What to Do About Dry Mouth

Nov 12, 2013

Desert

You don't need to walk through the desert of dry mouth alone.

Dry mouth, also known as xerostomia, results when you have decreased production of saliva. While annoying, it isn't just one of those symptoms to take lightly. Extreme dryness in the mouth can make it difficult to speak and may lead to decreased nutrition. Left untreated, dry mouth can progress to permanent mouth and throat problems that can greatly impede a person's quality of life.

An estimated 10% of Americans suffer from dry mouth. Women tend to get dry mouth more than men, and disorders of the salivary glands affect elderly people more than younger people. Additionally, many prescription drugs can have dry mouth as a side effect.

Why care about dry mouth?

Most people don't think about the amount of saliva in their mouth, but they should. Saliva is part of a healthy mouth and helps to lubricate the mouth and gums and tongue against sores, ulcers and mouth pain. It helps you digest your food and helps teeth rebuild mineral deposits, keeping your teeth in good shape. Saliva can also help your tongue taste food more effectively. Left untreated, the lack of saliva in your mouth can lead to more cavities, especially along the gum line.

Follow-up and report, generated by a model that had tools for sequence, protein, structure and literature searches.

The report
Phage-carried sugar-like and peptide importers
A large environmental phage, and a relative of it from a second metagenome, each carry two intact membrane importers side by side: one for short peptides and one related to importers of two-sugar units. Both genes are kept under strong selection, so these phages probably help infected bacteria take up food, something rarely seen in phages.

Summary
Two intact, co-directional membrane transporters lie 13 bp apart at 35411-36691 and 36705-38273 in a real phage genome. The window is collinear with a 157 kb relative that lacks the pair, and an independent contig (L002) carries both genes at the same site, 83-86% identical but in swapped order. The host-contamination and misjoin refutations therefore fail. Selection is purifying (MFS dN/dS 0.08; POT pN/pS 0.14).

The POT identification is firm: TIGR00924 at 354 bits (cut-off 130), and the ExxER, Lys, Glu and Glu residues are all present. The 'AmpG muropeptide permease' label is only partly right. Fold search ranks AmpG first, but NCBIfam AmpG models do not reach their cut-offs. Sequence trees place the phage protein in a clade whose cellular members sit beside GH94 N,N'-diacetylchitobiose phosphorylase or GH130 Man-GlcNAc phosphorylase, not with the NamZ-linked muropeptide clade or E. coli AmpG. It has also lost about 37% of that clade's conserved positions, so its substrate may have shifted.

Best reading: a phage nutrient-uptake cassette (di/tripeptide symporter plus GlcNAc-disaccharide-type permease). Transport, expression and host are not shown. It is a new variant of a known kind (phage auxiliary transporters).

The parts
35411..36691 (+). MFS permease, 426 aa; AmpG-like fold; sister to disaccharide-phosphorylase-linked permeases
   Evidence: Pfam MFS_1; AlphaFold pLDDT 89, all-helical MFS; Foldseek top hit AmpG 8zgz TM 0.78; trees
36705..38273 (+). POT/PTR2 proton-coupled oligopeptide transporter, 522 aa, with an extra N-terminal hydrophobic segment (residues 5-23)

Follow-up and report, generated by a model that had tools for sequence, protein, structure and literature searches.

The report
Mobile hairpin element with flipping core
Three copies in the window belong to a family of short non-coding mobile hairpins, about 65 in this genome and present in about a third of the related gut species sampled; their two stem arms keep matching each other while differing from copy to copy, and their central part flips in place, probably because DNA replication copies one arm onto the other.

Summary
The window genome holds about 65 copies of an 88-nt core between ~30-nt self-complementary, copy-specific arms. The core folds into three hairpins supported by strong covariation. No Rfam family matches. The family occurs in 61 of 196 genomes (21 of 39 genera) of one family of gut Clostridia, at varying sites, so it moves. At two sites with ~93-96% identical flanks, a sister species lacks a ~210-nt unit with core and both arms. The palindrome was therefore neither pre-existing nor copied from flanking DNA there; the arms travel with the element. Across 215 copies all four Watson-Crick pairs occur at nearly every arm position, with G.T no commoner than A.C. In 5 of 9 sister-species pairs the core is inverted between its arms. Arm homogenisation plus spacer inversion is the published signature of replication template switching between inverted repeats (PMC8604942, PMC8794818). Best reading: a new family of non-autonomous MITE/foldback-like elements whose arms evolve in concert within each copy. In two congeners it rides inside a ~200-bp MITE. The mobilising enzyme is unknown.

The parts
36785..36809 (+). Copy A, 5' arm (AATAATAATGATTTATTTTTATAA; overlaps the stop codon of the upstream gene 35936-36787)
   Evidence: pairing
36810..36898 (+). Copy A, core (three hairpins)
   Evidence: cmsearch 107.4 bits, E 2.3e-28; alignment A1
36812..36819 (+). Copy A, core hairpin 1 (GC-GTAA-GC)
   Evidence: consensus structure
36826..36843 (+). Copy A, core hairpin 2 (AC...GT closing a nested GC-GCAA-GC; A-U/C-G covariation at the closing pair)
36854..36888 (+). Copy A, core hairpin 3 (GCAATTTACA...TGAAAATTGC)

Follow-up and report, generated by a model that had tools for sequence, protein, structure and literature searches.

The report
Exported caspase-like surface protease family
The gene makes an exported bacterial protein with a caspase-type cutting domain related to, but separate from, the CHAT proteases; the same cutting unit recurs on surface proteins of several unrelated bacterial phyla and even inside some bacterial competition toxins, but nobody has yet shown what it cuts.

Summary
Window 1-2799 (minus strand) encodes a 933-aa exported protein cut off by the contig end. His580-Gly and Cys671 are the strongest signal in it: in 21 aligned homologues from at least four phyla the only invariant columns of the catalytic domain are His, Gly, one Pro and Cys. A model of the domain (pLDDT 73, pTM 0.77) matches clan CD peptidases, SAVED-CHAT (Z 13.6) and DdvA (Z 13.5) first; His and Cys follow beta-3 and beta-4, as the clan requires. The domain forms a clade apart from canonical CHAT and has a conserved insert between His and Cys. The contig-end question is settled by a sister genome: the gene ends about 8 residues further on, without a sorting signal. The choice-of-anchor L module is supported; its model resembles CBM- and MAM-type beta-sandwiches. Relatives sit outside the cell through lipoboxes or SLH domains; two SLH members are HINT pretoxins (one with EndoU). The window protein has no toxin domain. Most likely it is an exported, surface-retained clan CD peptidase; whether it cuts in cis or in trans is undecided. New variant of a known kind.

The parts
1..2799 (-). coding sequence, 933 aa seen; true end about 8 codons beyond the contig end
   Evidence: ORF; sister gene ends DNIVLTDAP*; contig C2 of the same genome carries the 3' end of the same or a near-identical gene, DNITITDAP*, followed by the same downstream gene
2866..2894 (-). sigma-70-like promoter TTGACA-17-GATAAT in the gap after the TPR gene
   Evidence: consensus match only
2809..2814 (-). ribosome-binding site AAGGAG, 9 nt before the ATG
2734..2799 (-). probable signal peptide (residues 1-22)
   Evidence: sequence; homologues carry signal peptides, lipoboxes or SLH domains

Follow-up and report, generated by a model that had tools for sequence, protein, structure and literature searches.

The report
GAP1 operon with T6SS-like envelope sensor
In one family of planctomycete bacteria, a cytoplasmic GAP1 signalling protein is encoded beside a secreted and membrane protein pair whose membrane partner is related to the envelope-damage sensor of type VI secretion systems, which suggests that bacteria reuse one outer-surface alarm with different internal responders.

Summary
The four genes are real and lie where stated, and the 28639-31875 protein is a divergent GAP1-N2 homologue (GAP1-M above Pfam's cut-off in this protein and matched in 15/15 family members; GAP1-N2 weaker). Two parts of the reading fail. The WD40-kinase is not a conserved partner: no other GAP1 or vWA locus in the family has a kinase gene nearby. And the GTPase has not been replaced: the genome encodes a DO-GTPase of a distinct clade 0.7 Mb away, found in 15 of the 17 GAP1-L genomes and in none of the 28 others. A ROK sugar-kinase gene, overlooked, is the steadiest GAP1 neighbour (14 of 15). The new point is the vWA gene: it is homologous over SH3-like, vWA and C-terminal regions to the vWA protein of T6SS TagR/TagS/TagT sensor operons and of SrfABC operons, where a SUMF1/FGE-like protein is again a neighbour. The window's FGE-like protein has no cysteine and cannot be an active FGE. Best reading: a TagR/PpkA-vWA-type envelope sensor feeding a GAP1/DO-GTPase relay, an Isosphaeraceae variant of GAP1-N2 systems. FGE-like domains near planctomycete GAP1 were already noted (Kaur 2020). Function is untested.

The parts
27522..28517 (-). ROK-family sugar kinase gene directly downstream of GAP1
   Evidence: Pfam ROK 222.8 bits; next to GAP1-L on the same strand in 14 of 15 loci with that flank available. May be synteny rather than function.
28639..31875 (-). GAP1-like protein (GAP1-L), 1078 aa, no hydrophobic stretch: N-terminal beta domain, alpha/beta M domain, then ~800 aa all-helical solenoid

What might cause you to get dry mouth?

Xerostomia often occurs as a result of use of prescription medication, especially use of:

  • blood pressure medication
  • antidepressents
  • antihistimines
  • diuretics
  • non-steroidal anti-inflammatories

Other factors that may cause dry mouth include:

  • Radiation treatment to the head and neck
  • Salivary gland diseases
  • Diabetes
  • Hormonal imbalances
  • Autoimmune disorders
  • Rheumatoid arthritis
  • Lupus
  • Stress
  • Anxiety
  • Depression
  • Dehydration

How do you know if you have dry mouth?

If your mouth is dry and you have trouble speaking, eating tasting food, or swallowing, and if your tongue is cracked, you likely have dry mouth. Many sufferers get dry mouth most at night, especially if they have chapped or cracked lips and breathe through their mouths. You might suffer from complaints such as open sores in the mouth, a burning tongue or throat, periodontitis, ulcers, or inflamed soft tissues.

How do we treat dry mouth?

Dr. Diesburg will help you develop a plan to manage your symptoms and treat the underlying cause. He will likely advise a low-sugar diet and flouride toothpaste treatment to protect your teeth. In selecting a mouthwash, he will advise you to look for a rinse that doesn't have alcohol, which can dry out your mouth further.

We recommend rinsing your mouth with Biotene in the morning and the evening, after regular brushing. You should plan on drinking more water throughout the day to ensure you do not become dehydrated. If dry mouth has caused you to develop a fungal infection such as oral candidiasis,

Dr. Diesburg may recommend an anti-fungal treatment including rinses and dissolving tablets. Dry mouth might not ever go away, but by staying on top of dry mouth, you can decrease the symptoms and impede its effect on your overall oral health. We are happy to help you in this process.

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